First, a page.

As the Biden administration's first year draws to a close, how much progress has been made to restore science-based decisionmaking in the federal government? To fight climate change and promote environmental justice? Or to combat the pandemic? What key work still remains?
In this online report, UCS offers a detailed assessment of what has been accomplished and what pledges remain unfulfilled so far. We review progress in rehiring government scientists across different federal agencies. We track efforts to roll back initiatives from the previous administration that threatened our environment, exacerbated climate change, and impaired scientific integrity in governmental decisionmaking. And we highlight the most important areas where more work urgently needs to be done.
All told, we offer assessments across nine issue areas: the federal workforce, scientific integrity, environmental justice, the COVID-19 pandemic, democracy reform, climate change, clean transportation, food and agriculture, and nuclear weapons.
One Year of Science Under Biden
When Joe Biden was sworn in as president one year ago, his administration took the helm of a troubled nation. COVID-19 had killed 400,000 people. The pandemic-battered economy had shed millions of jobs. The nation reeled from the January 6 insurrection. The climate crisis loomed.
On the campaign trail, President Biden promised to mend the country's wounds. So far, the Biden-Harris administration has made big strides: it has recommitted the US to fight climate change alongside global partners, worked to combat the pandemic, and uplifted the role of science in government.
But more must be done. In the clear-eyed assessment below, we outline what the administration has accomplished—and what it must still do across nine issue areas: the federal scientific workforce, scientific integrity, climate change, COVID-19 response, nuclear weapons, protecting democracy, environmental justice, clean vehicles, and food and agriculture.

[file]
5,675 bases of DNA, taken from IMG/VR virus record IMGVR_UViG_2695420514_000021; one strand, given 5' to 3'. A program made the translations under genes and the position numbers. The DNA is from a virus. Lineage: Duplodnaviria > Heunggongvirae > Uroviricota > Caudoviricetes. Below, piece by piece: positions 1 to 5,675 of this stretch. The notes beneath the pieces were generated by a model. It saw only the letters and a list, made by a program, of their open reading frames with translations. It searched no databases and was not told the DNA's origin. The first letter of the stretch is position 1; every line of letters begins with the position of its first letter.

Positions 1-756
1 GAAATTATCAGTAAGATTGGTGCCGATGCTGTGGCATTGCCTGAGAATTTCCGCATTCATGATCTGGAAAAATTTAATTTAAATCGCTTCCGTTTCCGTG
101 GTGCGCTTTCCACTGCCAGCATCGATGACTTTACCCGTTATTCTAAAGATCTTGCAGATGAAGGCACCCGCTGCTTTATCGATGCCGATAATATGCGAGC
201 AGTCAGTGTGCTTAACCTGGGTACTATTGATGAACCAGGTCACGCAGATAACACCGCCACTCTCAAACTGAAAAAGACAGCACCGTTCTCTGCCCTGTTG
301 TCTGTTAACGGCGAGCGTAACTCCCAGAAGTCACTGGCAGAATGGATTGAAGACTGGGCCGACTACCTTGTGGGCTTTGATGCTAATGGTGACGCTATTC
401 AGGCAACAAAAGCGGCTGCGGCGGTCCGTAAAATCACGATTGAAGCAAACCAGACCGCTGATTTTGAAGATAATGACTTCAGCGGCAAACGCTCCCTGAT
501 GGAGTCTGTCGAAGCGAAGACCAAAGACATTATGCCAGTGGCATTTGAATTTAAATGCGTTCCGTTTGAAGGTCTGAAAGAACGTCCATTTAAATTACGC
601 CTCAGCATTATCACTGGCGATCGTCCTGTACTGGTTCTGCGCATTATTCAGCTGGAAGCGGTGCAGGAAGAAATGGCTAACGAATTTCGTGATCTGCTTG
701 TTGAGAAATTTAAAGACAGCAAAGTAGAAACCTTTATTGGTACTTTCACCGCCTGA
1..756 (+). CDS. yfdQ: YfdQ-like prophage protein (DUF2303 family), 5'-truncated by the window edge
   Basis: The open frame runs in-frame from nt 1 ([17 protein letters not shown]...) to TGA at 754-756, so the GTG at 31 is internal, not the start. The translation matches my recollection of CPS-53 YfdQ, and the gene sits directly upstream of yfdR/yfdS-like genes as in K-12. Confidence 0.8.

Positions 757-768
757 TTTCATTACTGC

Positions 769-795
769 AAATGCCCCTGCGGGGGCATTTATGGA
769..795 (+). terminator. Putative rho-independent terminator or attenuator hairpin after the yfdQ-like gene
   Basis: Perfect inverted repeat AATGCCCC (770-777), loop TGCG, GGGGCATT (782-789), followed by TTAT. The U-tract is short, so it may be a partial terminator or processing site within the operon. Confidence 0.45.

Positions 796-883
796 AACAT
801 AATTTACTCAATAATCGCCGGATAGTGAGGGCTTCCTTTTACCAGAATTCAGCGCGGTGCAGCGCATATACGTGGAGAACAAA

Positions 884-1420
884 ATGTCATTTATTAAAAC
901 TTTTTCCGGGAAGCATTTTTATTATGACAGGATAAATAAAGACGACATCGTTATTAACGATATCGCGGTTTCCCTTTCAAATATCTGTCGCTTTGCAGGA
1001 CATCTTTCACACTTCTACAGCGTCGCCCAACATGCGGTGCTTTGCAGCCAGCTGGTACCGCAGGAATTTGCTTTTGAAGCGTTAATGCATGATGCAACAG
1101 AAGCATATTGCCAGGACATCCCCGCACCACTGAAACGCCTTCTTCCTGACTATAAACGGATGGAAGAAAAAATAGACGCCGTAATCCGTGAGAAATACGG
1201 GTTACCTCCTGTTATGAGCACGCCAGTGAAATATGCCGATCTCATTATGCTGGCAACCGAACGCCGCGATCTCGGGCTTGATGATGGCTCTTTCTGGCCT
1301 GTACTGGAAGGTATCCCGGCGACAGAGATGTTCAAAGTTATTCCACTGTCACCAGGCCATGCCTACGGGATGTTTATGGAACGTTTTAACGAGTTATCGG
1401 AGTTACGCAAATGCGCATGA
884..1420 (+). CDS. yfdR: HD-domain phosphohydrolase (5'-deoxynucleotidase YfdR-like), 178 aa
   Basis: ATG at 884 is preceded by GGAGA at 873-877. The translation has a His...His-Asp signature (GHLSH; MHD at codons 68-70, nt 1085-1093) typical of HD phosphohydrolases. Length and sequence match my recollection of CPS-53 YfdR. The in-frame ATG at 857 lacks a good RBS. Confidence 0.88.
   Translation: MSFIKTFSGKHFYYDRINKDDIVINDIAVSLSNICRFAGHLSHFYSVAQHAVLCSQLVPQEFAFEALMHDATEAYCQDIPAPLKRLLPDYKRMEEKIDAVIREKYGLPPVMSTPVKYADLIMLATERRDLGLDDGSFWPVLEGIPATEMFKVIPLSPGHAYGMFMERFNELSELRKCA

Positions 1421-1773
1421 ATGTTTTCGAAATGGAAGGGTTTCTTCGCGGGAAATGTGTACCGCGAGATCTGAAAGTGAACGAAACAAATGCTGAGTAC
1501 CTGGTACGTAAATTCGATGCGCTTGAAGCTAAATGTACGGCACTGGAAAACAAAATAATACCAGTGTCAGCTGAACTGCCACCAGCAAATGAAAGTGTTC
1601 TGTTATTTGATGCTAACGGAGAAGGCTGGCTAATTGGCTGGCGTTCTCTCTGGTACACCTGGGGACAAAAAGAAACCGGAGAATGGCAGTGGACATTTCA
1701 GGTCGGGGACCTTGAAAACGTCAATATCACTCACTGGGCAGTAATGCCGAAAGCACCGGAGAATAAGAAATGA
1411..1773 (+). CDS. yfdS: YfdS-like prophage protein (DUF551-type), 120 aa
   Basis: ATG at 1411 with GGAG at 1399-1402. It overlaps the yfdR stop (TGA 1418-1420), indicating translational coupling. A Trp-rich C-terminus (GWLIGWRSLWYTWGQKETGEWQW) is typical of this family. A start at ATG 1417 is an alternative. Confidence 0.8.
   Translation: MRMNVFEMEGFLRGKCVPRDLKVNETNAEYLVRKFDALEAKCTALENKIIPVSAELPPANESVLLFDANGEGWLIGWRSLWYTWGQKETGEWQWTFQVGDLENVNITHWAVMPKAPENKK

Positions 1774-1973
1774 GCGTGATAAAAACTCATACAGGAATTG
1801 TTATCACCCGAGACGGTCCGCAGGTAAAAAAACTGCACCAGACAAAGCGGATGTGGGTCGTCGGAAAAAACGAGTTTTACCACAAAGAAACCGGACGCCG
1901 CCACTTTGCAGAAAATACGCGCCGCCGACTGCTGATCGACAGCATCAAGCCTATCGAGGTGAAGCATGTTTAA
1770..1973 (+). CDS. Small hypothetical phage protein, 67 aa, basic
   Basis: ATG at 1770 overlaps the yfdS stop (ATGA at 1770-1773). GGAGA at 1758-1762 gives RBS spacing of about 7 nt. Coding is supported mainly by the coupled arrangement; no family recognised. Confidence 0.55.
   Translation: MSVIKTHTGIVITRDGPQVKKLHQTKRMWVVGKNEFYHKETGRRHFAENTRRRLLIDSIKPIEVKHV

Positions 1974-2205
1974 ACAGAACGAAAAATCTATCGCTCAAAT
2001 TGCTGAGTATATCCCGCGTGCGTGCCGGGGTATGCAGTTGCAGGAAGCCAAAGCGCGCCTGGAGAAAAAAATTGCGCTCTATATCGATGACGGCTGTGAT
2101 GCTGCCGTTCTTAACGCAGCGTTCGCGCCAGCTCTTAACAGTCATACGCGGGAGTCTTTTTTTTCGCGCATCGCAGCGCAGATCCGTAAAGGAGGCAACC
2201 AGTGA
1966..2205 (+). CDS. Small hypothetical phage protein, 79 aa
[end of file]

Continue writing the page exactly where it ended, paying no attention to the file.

The Federal Scientific Workforce
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As we face mounting crises, including the COVID-19 pandemic and the worsening impacts of climate change, the United States needs scientists who serve the public good. The previous administration undermined these scientists and many left the civil service entirely. Since then, the Biden-Harris administration has worked to build up the federal scientific workforce, but progress is mixed across different federal agencies.
Read More: Biden's Actions on the Federal Scientific Workforce
Cracks have formed in the foundations of government science. Between 2017 and 2020 in particular, political officials stunted or stalled research, emptied scientific offices, and undermined career staff. Some offices, battered by political attacks, hemorrhaged experts.
Last fall, the Union of Concerned Scientists (UCS) analyzed years of staffing data from federal agencies. We found that, between 2016 and 2022, five federal agencies alone lost more than 1,000 scientists collectively. This confirmed results from our 2018 survey of federal scientists, the majority of whom reported seeing workforce reductions.
This erosion matters. Anemic agencies, bled of their brainpower, cannot do their work. For example, in 2019, the Trump administration abruptly moved the two research agencies of the US Department of Agriculture from Washington, DC, to Missouri. Three in four staff were forced to resign or retire, taking with them years of institutional knowledge. Economic reports slowed to a trickle. Years-long studies crumbled. And millions of dollars in funding for research—on climate change, food security, and antibiotic resistance—sat unreleased.
Restoring the Scientific Workforce: White House Actions
The Biden-Harris administration has signaled its intent to revitalize the federal workforce, and so far, it has taken promising steps. In June 2021, President Biden signed an executive orderdirecting agencies to promote diversity, equity, and inclusion in their workforces. But hiring is one thing; keeping employees is another entirely. To create a culture that supports scientific staff, the White House has already worked to strengthen protections for federal science—new ethics requirements, stronger scientific integrity policies, and investigations into past assaults on science and how to prevent them in the future.
Beyond the White House, many federal science agencies—eager to attract new talent—have announced thousands of job openings. But while some agencies have seen success, others are struggling.
The CDC Employs More Scientists Today than Ever Before